Day 4. Belfast’s Peace Walls

After breakfast we checked out of the Jury’s Inn,  leaving our luggage for collection later in the day.  The city centre hotel had been a good choice with friendly, courteous staff, a modern, comfortable room and a large selection at breakfast.

It was off to the eastern suburbs this morning noted for ‘The Troubles’.  We walked the length of both ‘The Falls’ and ‘Shankill Roads’ viewing large sections of the peace walls which were constructed from 1969.  The walls were built to separate Irish Nationalists (Catholics) from their Unionist (Protestant) neighbours.  The walls range in length from a few hundred yards to three miles and are constructed of iron, brick or steel, rising to 25 feet tall.  At various places we noticed iron gates which were open to allow access but which can be closed at times of heightened tension.   The walls are covered in brightly coloured paintings, slogans and flags.

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Wall murals, Belfast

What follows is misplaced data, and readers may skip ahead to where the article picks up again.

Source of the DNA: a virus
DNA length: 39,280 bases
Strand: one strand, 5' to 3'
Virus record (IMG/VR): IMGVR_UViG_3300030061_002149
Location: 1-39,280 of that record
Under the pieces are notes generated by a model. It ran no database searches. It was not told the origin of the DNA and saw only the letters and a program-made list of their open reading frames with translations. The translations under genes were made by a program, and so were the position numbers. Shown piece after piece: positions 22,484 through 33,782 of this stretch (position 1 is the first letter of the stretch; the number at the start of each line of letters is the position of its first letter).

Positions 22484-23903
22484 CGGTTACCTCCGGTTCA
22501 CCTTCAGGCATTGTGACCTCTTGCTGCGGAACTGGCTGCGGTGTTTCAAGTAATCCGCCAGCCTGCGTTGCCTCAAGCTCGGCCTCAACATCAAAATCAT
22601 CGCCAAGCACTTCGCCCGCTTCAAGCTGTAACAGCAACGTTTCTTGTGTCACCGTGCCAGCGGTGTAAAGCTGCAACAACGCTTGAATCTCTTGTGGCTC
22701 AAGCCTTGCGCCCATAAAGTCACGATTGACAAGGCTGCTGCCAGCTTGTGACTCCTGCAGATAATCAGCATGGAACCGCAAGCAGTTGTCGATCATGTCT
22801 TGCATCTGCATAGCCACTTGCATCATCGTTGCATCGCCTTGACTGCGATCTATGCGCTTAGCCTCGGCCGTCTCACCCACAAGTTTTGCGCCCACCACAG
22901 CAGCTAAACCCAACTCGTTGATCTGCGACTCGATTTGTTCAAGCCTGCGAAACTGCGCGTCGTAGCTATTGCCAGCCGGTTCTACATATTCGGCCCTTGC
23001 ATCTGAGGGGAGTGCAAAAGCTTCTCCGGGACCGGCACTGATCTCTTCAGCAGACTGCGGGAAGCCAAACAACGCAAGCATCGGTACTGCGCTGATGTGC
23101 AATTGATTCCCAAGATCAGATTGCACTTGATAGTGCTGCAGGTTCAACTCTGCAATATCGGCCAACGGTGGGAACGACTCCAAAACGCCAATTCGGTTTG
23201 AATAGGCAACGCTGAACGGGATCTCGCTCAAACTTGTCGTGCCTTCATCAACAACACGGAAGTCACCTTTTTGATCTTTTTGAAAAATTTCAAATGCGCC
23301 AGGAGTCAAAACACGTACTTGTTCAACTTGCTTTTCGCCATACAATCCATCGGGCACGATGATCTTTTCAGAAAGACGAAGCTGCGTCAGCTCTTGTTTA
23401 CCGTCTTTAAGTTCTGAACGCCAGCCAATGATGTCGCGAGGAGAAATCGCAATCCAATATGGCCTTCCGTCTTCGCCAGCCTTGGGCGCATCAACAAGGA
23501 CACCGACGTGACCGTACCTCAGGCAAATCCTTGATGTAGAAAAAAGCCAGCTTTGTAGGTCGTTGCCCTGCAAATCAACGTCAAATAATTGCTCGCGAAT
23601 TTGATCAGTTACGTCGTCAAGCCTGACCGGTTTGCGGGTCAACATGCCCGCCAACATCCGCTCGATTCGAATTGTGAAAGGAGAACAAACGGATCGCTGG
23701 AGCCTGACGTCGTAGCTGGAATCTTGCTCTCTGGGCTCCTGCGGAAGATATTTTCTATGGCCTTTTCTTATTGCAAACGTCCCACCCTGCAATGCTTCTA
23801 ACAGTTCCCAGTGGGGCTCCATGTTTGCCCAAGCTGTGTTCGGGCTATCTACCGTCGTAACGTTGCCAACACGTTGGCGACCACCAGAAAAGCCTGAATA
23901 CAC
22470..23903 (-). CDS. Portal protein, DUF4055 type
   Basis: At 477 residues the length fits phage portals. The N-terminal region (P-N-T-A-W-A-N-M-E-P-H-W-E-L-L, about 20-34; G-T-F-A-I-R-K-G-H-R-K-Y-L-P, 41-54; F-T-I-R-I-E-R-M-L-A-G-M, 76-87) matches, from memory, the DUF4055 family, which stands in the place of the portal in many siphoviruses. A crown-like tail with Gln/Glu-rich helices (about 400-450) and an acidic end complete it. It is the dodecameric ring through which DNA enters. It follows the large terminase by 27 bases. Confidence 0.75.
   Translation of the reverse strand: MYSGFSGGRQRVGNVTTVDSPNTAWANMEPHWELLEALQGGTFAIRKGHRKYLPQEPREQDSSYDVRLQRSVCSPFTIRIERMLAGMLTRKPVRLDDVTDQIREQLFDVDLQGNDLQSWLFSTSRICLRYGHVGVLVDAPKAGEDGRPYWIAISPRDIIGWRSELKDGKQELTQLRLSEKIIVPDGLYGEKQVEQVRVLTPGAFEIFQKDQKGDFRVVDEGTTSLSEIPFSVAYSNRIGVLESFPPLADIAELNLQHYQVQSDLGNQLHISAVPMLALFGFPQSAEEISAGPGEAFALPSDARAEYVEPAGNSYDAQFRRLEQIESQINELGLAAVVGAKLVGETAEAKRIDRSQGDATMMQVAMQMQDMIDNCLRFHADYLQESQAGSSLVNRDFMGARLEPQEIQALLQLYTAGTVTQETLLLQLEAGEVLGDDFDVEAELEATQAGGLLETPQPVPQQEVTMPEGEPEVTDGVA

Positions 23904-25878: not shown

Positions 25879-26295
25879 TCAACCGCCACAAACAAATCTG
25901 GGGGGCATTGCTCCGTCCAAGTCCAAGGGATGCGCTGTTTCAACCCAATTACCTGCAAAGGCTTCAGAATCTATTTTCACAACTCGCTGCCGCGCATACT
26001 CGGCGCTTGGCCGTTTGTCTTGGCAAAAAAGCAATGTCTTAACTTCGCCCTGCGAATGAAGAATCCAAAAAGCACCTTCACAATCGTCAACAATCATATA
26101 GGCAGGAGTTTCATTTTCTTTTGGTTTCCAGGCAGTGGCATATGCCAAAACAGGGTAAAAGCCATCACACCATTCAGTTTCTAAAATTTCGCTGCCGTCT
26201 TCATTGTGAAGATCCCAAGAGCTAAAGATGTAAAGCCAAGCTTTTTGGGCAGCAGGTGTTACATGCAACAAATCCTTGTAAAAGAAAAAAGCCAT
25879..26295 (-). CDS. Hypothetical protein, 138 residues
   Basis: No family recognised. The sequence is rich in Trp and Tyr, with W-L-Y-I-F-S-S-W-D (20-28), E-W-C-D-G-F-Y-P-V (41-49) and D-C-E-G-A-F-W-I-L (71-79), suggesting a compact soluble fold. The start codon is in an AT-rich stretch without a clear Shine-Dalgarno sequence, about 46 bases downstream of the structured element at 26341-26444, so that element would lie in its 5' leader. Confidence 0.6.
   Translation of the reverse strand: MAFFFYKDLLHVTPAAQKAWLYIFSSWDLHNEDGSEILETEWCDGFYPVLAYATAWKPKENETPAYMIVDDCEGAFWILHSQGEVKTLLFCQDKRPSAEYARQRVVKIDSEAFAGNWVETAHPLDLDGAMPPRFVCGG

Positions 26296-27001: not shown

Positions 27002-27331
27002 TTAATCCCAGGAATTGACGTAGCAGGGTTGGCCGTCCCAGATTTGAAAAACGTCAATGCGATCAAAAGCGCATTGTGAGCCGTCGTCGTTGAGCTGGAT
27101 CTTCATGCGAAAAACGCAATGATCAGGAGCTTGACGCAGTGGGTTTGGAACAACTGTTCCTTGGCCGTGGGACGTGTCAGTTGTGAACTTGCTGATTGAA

The neighbourhoods seemed quite run down but we felt completely safe and were warmly welcomed in the small cafe we entered for warming mugs of coffee.  One area notorious during ‘The Troubles’,  Bogside has now been transformed into a nature reserve ‘Bog Meadows’ with well designed boardwalks and information boards.

Returning to the city centre for lunch, we headed to the Queen’s Quarter to find Bishop’s,  a famous local fish and chip shop and restaurant.  We dined in the restaurant and were served large portions of freshly cooked cod, chips and mushy peas, setting us up for our return home this evening.

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Bog Meadows Nature Reserve
Our afternoon was spent shopping in the city centre before returning to the airport for our 7.00 pm flight home.

We were pleased that we had finally decided to visit Northern Ireland,  and as my four posts on this blog describe, there was plenty to see and do during a long weekend break.

If you have enjoyed this series of posts on Belfast you may also enjoy reading the following:

Dublin

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